After being opened for a few months, Europe closed its borders in March 2016 again, leaving thousands of refugees trapped in Greece, where most of them continue to live under poor conditions. Although many refugees have to live in tents in the cold winter, Germany and other EU member states want to start deporting refugees back to Greece starting in March 2017. While some activists try to support refugees in Greece by delivering aid, others try to support refugees by helping them cross the border.
Image: Refugee detention camp Moria at Lesvos, Greece
I have been working with refugees in Greece regularly for about a year now (and before that I worked with refugees in Germany, Austria, Slovenia, Croatia and Serbia) and it was a pretty tough job. I met a lot of great people, but the border regime and the way people are treated in most European countries is totally unacceptable. I remember being in the Idomeni refugee camp as the EU-Turkey deal was implemented. I drunk a cup of tea that morning with a friend from Palmyra (Syria) and he told me he was scared that one day the EU might extend the deal, and could start sending back people who where already in Greece before the deal was implemented. I looked in his eyes and I saw the fear. The fear I saw so many times before and since I started working on the Balkan route.
Image: Refugees trying to keep warm in Thessaloniki, Greece.
That is the hardest part about working with refugees – watching the way politicians treat people. The shame and anger about the refugee policies of EU member states makes it a tough job; the drownings at sea, the militarisation of the border regimes in many EU countries, the misery people have to live in, the export of arms by EU corporations (backed by EU governments), trade treaties that makes life economically unviable in many countries outside Europe. EU policies are an act of structural violence against millions of people.
EU policies makes my work with Cars of Hopefor and with refugees into a balancing act. As an activist, I decided to support refugees in Greece and other European countries. This work takes all of my time, which means I don’t have a lot of time left to fight against the increasing number of deportations of refugees from Germany or to fight against the border regimes of many other European countries. The things I do the most involve organising aid missions for our work with refugees in Greece. Collect money, organize infrastructure, find out whats needed most at the moment, and then a Cars of Hope group will travel to Greece or somewhere else. Last but not least of course the work on the ground along the Balkan route: buying and distributing food, sanitary products and other things that are needed. We do what we can but its still not enough. The circumstances in which people have to live in are inhumane, and there are so many of them who are forced to live under these conditions.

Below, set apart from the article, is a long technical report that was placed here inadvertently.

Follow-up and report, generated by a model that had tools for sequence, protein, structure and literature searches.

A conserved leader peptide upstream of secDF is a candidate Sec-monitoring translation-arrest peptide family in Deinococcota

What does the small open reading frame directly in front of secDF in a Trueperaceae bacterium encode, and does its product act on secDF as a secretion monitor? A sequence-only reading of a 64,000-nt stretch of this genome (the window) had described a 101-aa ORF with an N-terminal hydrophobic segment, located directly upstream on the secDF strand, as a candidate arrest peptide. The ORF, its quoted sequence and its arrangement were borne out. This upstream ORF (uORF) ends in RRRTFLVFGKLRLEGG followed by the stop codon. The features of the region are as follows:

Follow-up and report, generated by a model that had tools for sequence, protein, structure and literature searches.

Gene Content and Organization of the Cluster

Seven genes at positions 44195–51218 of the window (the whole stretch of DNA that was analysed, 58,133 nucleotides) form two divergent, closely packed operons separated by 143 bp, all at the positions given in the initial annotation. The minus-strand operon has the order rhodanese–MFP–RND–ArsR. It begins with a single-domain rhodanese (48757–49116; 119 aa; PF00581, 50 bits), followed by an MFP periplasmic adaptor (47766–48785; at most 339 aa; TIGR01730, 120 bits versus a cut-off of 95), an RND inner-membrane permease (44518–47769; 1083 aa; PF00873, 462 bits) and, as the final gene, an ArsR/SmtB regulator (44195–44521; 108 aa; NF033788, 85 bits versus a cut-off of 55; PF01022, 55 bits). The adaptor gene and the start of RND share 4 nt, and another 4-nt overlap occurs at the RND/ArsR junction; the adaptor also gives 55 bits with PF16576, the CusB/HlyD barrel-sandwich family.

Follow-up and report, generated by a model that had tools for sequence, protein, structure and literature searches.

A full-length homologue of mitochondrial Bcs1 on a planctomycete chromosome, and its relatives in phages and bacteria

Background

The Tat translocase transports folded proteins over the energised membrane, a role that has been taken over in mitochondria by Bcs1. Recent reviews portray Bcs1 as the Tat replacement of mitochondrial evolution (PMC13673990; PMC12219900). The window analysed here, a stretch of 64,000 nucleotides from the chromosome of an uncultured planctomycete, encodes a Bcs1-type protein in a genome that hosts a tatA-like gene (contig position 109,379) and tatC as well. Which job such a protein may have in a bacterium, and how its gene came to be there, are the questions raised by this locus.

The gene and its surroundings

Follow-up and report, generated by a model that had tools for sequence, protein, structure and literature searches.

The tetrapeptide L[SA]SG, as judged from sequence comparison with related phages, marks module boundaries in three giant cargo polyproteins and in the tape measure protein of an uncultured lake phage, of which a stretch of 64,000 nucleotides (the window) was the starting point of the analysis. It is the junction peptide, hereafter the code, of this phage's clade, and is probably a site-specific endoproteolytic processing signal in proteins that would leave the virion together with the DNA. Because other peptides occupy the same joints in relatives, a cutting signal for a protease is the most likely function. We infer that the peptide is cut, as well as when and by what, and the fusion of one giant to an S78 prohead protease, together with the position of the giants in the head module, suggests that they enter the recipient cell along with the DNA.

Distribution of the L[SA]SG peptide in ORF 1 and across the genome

Two videos about our work on the Balkan route in 2015 (Film from January 2016):
Supporting refugees with aid by independent activists is important and I will continue to do that, but its also important that more people stand up and fight against the growing fascist movements and parties in Europe. While many people in Europe are looking at Trump in the US, fascism is (and has been) on the rise in Europe. The borders weren’t even closed by these fascist parties and movements, so what will happen if more fascist parties start to govern European states? We can actually already see it in Hungary; the policies against refugees become even more inhumane as they are already with refugee detention camps in countries like Greece.
Apart from the fight against the rise of fascist movements in Europe, more people need to stand up against the border regimes and the increasing number of deportations. It won’t be enough to hold a few demonstrations, we need active resistance against all these developments. There are already groups of No Border activists who are carrying out actions against the border regime, cutting border fences and organising actions against corporations profiting from border closures. There are also groups organising blockades against deportations andactivists who support refugees by finding ways to pass the closed bordersanyway.
For me, providing aid to refugees is part of this fight, especially when its organised together with refugees on the ground. On January 27th I will travel to Greece again with a Cars of Hope group to work with refugees who are stuck in Greece. The donations of many people have made our work possible, and we would like people to thank for their support.